The first step in this process is to create a goldcard. A goldcard turns your device into a generic device, thereby allowing modifications like installing another firmware possible. There are different methods to create a gold and the following, I felt, is the easiest of all. Please use a secondary or unused SD card for this purpose.

  1. A formatted SD card is necessary for this. A gold card is nothing but a formatted SD card with modified CID. Insert the SD card in the phone and format the card (Settings -> SD Card & Phone Storage -> Unmount SD Card -> Format SD Card).
  2. Download   klutsch’s goldcard creation tool from here. Run this tool as administrator. (this tool is windows only)
  3. Enable USB Debugging mode in your phone (Settings -> Applications -> Development -> USB Debugging) and connect the phone to your windows PC.
  4. Click on “Get CID” Tab and copy the cid that is generated. In case you get any error, select MMC0.
  5. Open the link “http://psas.revskills.de/?q=goldcard“, enter your email id and the CID. You will then get the goldcard image to the mentioned email id.
  6. Download the goldcard image to PC, from the goldcard creation tool, click on ‘load GoldCard.img’, select the image that you just downloaded and click on “Patch MMC”.
  7. Voila, you now have your goldcard. Please do not use this card for any other purpose till the rooting process is over and it’s time to downgrade the OS.

Remove the goldcard and use the primary card till the goldcard is needed

 

Downgrade the OS:

Download the following packages before starting this process:

Connect your phone to Linux host now in ‘charge only’ mode. copy the contents of hack4legendv5.zip to androidSDK/tools directory and then run the script ‘crackin.sh’. Run crackin.bat if you do not have a Linux box and are using windows pc. The phone will reboot couple of times and there will be lot of errors shown in the terminal. In the end look for the line showing permissions for the file /dev/mtd/mtd0. It should look like this:

crwxrwxrwx    1 1001     2002      90,   0 Jul 19 16:19 /dev/mtd/mtd0

This means that your phone is ready for OS downgrade. For the next step, you do need a winodws host.

now, connect your phone to windows phone in ‘charge-only’ mode and execute the file RUU_Legend_HTC_WWE_1.31.405.5_R_Radio_47.26.35.04_ 7.05.35.26L_release_126592_signed.exe and just follow the instructions and the phone will reboot to 1.31 version of firmware. And it’s time for Legend to get rooted.

 

Root the Legend:

Time to use the goldcard. insert the goldcard and connect the phone to pc in ‘charge only’ mode.

Download the file r4-legend-root.zip from here. Unzip the file to a directory and cd to the directory.

Switch off your Legend, switch it back on in ‘fast boot’ mode (keep the back button pressed while switching the phone ON). When you see that the phone has booted into fast boot screen.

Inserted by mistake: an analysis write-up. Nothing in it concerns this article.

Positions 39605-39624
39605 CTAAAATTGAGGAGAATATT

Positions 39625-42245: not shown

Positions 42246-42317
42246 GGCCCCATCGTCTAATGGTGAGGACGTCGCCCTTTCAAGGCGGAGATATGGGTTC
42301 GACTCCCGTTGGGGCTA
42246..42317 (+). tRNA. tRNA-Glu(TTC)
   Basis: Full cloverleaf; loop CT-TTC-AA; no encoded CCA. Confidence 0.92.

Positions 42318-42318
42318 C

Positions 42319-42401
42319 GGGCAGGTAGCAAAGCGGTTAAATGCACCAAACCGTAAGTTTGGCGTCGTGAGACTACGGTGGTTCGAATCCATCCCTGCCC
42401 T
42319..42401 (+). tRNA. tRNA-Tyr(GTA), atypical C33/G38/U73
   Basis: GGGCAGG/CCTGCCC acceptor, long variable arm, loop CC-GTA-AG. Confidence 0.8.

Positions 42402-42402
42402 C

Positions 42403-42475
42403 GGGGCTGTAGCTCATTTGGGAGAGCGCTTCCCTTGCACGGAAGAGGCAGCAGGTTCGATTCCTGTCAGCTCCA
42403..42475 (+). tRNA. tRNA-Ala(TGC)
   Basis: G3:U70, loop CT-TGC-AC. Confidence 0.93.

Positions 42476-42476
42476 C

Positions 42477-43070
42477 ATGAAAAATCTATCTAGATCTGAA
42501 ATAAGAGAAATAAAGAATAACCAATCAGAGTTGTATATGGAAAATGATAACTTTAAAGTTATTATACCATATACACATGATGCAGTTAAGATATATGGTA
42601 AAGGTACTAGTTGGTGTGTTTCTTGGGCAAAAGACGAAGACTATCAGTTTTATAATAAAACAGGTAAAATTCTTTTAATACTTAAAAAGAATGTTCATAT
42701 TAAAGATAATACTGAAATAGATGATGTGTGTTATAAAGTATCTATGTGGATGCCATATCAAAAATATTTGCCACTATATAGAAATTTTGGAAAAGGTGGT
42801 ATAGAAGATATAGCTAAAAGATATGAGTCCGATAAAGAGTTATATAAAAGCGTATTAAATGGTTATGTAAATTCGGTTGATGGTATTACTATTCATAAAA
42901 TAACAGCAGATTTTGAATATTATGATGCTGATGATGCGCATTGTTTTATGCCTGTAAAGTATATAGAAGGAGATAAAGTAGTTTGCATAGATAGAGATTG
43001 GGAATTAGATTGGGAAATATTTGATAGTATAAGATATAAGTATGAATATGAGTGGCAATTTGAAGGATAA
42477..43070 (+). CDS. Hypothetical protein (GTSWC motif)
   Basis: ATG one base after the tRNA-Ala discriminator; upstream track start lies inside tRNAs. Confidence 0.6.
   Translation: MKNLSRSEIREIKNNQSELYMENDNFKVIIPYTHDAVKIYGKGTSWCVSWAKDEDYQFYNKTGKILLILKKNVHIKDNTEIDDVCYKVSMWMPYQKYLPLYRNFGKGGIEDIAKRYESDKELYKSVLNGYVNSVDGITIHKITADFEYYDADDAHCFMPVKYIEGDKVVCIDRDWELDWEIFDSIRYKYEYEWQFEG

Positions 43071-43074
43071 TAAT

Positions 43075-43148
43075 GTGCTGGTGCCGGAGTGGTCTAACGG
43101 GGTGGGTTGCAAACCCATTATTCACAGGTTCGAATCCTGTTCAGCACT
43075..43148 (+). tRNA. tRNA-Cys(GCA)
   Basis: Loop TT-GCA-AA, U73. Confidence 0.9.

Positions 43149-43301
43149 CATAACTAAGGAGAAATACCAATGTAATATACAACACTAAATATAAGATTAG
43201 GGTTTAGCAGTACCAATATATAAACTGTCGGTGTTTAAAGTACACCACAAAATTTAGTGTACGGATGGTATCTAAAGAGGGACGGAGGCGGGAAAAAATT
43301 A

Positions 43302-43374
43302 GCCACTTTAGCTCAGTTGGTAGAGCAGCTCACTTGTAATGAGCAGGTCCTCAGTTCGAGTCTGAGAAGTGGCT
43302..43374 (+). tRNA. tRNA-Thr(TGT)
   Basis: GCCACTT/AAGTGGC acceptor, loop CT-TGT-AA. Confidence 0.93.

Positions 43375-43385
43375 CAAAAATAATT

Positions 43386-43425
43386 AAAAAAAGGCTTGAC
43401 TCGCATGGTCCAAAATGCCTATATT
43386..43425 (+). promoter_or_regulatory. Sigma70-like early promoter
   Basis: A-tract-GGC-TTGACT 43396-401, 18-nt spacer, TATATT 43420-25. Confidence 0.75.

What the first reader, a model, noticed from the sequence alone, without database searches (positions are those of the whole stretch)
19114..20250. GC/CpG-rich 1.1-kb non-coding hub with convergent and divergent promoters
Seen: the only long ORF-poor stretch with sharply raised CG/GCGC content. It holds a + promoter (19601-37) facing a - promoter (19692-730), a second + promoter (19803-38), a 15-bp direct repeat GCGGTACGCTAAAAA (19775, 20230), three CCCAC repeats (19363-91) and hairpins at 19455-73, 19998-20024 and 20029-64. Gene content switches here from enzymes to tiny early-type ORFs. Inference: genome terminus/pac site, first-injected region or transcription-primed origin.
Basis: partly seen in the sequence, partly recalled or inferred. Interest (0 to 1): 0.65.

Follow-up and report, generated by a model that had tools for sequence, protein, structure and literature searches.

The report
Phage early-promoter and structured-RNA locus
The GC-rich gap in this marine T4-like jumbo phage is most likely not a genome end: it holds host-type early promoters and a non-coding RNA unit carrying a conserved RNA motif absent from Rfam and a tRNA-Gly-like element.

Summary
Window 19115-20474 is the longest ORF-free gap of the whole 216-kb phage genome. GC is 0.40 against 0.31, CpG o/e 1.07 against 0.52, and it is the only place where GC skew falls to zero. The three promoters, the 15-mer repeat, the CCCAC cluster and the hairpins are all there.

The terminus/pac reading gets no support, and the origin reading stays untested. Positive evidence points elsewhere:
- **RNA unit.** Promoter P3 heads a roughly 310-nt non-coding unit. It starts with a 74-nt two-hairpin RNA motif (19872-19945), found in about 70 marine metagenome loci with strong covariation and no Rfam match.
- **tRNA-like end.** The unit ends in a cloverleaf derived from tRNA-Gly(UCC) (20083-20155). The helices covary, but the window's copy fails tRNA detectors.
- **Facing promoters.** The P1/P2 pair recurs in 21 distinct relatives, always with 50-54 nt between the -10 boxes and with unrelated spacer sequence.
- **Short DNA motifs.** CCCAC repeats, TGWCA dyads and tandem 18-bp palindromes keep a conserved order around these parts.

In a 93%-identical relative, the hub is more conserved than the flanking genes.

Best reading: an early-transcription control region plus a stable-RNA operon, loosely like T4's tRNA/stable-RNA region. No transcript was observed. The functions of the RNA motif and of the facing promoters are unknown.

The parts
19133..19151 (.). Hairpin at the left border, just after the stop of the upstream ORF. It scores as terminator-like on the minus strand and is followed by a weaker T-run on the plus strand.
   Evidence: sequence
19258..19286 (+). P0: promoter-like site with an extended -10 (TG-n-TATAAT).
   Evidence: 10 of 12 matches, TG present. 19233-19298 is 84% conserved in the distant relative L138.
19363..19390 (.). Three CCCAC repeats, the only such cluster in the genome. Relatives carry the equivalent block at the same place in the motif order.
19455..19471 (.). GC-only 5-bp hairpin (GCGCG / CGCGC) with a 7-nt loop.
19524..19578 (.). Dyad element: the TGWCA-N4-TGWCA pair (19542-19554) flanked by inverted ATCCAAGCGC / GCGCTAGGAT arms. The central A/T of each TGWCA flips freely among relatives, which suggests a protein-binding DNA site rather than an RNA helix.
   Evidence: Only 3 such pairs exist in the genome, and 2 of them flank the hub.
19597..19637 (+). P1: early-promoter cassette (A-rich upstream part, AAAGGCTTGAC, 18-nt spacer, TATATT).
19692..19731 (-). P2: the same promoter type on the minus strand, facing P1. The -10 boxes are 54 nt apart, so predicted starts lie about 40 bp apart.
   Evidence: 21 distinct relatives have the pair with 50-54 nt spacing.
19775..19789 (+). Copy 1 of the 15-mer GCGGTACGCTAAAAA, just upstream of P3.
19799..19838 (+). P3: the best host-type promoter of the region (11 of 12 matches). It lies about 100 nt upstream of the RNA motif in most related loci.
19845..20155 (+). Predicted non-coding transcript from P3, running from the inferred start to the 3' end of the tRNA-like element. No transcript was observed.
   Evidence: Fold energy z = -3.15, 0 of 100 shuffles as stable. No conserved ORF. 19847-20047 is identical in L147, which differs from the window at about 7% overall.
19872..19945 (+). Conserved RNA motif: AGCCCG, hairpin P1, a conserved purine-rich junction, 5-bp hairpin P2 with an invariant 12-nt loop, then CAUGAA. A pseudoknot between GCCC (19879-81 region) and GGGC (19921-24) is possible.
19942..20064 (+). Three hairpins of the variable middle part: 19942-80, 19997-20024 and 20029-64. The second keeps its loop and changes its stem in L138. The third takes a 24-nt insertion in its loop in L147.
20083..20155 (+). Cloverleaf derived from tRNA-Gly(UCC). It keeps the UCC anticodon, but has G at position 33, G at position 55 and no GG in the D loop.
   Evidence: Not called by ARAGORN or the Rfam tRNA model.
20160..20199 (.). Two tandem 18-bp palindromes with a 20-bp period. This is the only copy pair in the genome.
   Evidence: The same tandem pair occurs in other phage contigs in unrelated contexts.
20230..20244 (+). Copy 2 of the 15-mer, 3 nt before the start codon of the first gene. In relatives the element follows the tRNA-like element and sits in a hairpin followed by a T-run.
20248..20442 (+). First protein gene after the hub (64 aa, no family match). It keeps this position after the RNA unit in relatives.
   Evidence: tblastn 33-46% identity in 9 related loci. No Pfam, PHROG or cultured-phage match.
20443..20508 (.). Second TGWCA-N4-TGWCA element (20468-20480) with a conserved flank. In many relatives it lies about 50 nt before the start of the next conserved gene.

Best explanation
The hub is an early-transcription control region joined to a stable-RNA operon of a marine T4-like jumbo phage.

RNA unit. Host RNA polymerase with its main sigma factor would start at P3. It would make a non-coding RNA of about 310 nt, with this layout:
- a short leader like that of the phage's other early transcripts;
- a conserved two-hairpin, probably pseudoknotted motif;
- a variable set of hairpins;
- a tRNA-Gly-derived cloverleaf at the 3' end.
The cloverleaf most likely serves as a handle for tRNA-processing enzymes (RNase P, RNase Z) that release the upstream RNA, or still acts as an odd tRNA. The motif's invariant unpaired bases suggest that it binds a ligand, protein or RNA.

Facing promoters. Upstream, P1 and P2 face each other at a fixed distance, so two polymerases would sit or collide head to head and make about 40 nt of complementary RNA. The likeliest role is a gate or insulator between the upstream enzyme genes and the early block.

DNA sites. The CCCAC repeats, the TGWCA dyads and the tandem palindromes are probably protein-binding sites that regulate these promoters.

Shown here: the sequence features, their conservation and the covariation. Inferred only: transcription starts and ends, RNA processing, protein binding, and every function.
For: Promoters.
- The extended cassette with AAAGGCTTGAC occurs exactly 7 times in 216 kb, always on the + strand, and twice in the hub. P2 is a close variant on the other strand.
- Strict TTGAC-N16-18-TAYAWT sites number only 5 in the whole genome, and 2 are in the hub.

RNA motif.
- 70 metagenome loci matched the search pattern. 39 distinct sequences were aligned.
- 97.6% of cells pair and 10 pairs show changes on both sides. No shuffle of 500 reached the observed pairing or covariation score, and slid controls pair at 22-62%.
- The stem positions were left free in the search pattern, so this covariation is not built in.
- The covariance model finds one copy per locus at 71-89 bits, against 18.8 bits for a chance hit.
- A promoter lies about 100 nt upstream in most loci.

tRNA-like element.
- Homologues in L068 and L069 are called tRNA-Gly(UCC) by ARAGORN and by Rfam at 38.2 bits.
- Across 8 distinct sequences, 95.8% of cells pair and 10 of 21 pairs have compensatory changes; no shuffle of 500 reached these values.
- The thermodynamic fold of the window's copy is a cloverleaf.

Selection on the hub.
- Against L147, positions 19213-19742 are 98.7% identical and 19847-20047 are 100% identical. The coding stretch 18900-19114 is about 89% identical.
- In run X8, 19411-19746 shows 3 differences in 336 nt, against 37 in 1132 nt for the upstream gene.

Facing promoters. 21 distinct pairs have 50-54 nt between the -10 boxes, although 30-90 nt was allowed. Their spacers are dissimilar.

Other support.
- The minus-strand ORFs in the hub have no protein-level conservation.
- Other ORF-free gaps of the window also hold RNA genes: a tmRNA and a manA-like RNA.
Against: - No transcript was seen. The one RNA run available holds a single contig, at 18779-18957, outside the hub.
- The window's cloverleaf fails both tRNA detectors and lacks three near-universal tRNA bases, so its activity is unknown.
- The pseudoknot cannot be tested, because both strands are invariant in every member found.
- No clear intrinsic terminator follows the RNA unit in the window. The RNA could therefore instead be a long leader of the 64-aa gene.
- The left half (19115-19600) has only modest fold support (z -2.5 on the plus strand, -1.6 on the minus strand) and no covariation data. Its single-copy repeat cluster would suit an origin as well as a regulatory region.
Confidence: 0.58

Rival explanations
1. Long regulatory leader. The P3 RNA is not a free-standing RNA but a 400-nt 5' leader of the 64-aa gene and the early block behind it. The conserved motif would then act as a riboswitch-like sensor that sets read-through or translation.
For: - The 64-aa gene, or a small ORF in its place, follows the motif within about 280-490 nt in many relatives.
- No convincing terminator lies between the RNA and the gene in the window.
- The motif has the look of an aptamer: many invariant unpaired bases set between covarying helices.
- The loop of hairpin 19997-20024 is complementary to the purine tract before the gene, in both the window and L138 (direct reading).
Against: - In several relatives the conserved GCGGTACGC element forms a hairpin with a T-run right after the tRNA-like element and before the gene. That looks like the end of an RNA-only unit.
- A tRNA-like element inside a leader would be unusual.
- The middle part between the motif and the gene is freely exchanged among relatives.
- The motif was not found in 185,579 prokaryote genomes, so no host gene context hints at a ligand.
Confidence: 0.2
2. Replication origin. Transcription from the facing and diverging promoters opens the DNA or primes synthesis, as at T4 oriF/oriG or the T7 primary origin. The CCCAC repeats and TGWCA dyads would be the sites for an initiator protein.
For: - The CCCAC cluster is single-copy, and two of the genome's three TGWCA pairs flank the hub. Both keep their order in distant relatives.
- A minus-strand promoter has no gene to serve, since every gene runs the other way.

connect the phone to Linux or windows pc (preferably Linux) and run ‘./step1-linux.sh’ (linux) or step1-windows.sh (windows).

You can now remove or format the goldcard. I would keep the goldcard for now as if there is any issue the above step need to be run again with goldcard.

Now Select RECOVERY option. Fastboot screen –> Boot loader -> recovery. You need to use phone’s volume rocker to move up/down the menu and power button to select the option. The phone screen should now show a phone with red caution sign.

From the terminal window, run ‘./step2-linux.sh’ (linux) or step2-windows.sh (windows). Once this step is completed, the phone will be back in recovery mode. From the options, select ‘wipe data’ and then select the option to update the ROM, select the file ‘rootedupdate.zip’ from SD card. The rooting process will now start and after few minutes, the phone will boot with rooted firmware.

Now, the easy way to install custom ROM is by using ROM Manager. You can backup/restore existing ROM.

Install Azure ROM with Google apps:

Download the files Azure ROM (http://derhofbauer.at/android/downloads/roms/azure-1.0.1) and Google Apps (http://derhofbauer.at/android/downloads/addons/gapps-az-20100816-1.0) from your PC and copy them to the SD Card. Start ROM Manager and first use ‘Backup Current ROM’ to backup existing ROM. Once the backup is completed, select “Install ROM from SD Card” and select Azure first, followed by Google Apps patch. You will see option to clear used data. select the option and start Azure install. Few minutes later, the phone will boot into CyanogenMod 6 Froyo ROM and you are done.

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This work is licensed under a Creative Commons Attribution-NonCommercial-ShareAlike 3.0 Unported License.

Maemo 5 Review Part 1 (home screen, contacts, texting, calling)